‘Embrace Growth’ Is Core to Atlas Staffing

In just 11 years, Joshua McKee’s Atlas Staffing has grown to five western U.S. locations, having launched with one in Spokane, Washington. The company serves a burgeoning light industry niche, but to McKee, success stems from its core values. “Embrace growth” is his favorite.

Explaining the term, he told me, “A person with a growth mindset finds meaning in the journey and looks at failure as an opportunity to learn and as a stepping stone to the next success.”

Values matter to McKee. I should know. He was a co-founder years ago of Beardbrand, my company.

He and I recently discussed his impressive Atlas Staffing journey. The entire audio of our conversation is embedded below. The transcript is edited for clarity and length.

Eric Bandholz:  Give us a rundown of Atlas Staffing.

Joshua McKee: We’re a light industrial staffing company. We’ve been in business for 11 years. We have five locations across the western U.S. and just opened our newest branch in Phoenix. It’s been a long, hard 11 years, but I’m proud of what we’ve built.

We’re a big believer in the Entrepreneurial Operating System [EOS]. We implemented it years ago in our business. It was an important first step to getting serious about core values and goals and making sure they flow to everybody in the company. It’s been essential to where we are today.

We have clear core values and behaviors and work hard to communicate them to all employees.

We meet our recruiters at the branch level every day. We have weekly huddles and Monday morning meetings like the EOS prescribes. During those meetings, we discuss our values. We want our team to bring stories about candidates who have embodied those values. We celebrate when we hear those stories and share them on our company intranet.

We try to create and communicate parameters, such as, “This is the behavior and values we expect. This is the goal, and this is the core process. If you’re following those, everything else is up to you.”

We want people to express their uniqueness because we learn a ton from them. We don’t have all the wisdom in the world. We do not command and control. We want to see people take risks, fail, and make choices that perhaps our executive team wouldn’t make. But we know what values and behaviors help a recruiter be successful. We want to ensure that those values are entrenched early in someone’s employment with Atlas.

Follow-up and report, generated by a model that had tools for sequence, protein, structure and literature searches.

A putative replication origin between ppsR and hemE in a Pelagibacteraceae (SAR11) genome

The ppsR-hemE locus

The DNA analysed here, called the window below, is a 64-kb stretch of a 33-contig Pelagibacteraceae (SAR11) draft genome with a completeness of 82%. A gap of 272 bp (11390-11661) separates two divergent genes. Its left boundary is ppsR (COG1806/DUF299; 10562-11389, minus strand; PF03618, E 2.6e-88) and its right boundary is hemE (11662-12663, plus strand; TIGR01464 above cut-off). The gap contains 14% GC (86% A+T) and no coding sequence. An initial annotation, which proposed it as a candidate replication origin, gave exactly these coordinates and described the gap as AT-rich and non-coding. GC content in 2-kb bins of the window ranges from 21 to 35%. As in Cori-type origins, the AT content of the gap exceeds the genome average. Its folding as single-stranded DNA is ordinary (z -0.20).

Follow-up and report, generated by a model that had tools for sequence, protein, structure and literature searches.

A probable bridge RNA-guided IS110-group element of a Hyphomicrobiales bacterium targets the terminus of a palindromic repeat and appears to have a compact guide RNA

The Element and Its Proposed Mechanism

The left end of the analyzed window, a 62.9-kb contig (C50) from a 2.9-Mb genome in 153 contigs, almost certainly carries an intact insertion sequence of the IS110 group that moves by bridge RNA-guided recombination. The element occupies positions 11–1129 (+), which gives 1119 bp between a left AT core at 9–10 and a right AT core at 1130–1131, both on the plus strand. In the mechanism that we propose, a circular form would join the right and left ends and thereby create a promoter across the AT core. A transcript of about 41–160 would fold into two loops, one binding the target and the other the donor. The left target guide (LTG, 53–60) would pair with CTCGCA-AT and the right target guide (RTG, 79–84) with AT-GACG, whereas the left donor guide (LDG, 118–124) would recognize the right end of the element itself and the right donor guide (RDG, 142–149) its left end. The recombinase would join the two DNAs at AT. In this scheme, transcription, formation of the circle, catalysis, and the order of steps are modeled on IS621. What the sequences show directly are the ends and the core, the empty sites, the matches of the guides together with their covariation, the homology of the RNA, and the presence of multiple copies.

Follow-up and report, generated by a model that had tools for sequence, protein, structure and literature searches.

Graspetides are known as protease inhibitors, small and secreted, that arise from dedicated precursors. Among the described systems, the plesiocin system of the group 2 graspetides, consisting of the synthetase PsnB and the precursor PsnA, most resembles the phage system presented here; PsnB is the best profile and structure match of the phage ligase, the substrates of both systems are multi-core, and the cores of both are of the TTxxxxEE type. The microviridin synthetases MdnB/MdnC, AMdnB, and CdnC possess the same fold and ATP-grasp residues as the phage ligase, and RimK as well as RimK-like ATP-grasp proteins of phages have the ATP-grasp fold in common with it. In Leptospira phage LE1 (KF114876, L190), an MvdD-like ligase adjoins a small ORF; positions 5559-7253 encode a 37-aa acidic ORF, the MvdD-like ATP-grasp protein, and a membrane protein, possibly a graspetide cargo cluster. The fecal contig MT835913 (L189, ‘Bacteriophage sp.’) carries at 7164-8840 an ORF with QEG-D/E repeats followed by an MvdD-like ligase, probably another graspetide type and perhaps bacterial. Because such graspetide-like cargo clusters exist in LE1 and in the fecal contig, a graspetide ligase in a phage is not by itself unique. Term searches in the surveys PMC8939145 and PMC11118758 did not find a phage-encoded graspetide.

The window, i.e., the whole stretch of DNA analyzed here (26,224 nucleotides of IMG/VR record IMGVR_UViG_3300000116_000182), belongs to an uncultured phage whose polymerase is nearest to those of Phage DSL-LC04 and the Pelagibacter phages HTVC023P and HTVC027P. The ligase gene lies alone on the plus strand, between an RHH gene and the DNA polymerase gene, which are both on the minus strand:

Bandholz: What are those core values?

McKee: I’ll start with my favorite: “Embrace a growth mindset.” It stems from Carol Dweck’s book, “Mindset.” It’s not about financial growth. It’s about looking at challenges and obstacles in your life. A person with a growth mindset finds meaning in the journey and looks at failure as an opportunity to learn and as a stepping stone to the next success. We want people to have the mindset of falling short, learning, and moving forward.

“Get comfortable with the uncomfortable.” That’s another one. We want people to do the hard thing first. It’s easy for folks in a sales role to chase what’s easy at the moment. “Eat the frog” is another way we phrase it.

And then we have, “Always protect the team.” That one’s straightforward. We look at the team as the business. A rising tide lifts all boats.

“No optional-ism” is a made-up word that we like. It means, “I made a commitment. I promised something.” We want people to follow through with their commitments, promises, and goals.

Bandholz: What are your core values around customers?

McKee: “Obsessed with customer success.” We want to keep the outcomes of the customer in front of us. If you forget the customer, you’re missing the point.

We have two types of customers: our candidates and the companies that hire them. We have different marketing strategies for each. On the client company side, marketing is more of sales enablement, making sure our team has the swag and the collateral to get in front of a prospective client.

On the candidate side, we’re asking, “What are our candidate acquisition costs? How are we reaching them? Is our messaging on point?”

Traditionally, staffing has been more sales-oriented and less marketing. I heard one executive of a huge company say, “Marketing’s sort of a hobby. It doesn’t do much for the business, but I enjoy it.” To me, that sounded like an opportunity. We’ve decided to spend the money to understand how our candidates are searching for work and how we can reach them.

We currently have upwards of 35,000 candidates in our database, and it’s growing. Marketing has helped us understand the value of that database. We can dig into it instead of going to Indeed or or buying Google Ads. We’ve got candidates in our back pocket. It seems obvious, but it’s new in our industry.

We’re still a small company. We don’t have a dedicated chief marketing officer. We have a fractional marketer who’s been phenomenal in helping us understand our metrics, such as what investments are paying off. We do a lot of email marketing and automation. Now we’re using bots to correspond and re-qualify candidates in the database. That’s been helpful as well.

Bandholz: When should companies use a staffing agency versus hiring employees directly?

McKee: Every business has to decide its core activities. Ecommerce companies have many activities and functions that are core.

If the task of hiring is not core to a business, then staffing makes sense. There are all kinds of staffing specialties. An industrial staffing company could help locate the right logistics person. Other great firms specialize in marketing talent.

Bandholz: How can listeners connect with you?

McKee: Our site is We serve employers and employees in Phoenix, Portland, Spokane, Boise, and Central Washington. We’re always seeking new recruiters, too. I’m on LinkedIn.

Eric Bandholz
Eric Bandholz
Bio   •   RSS Feed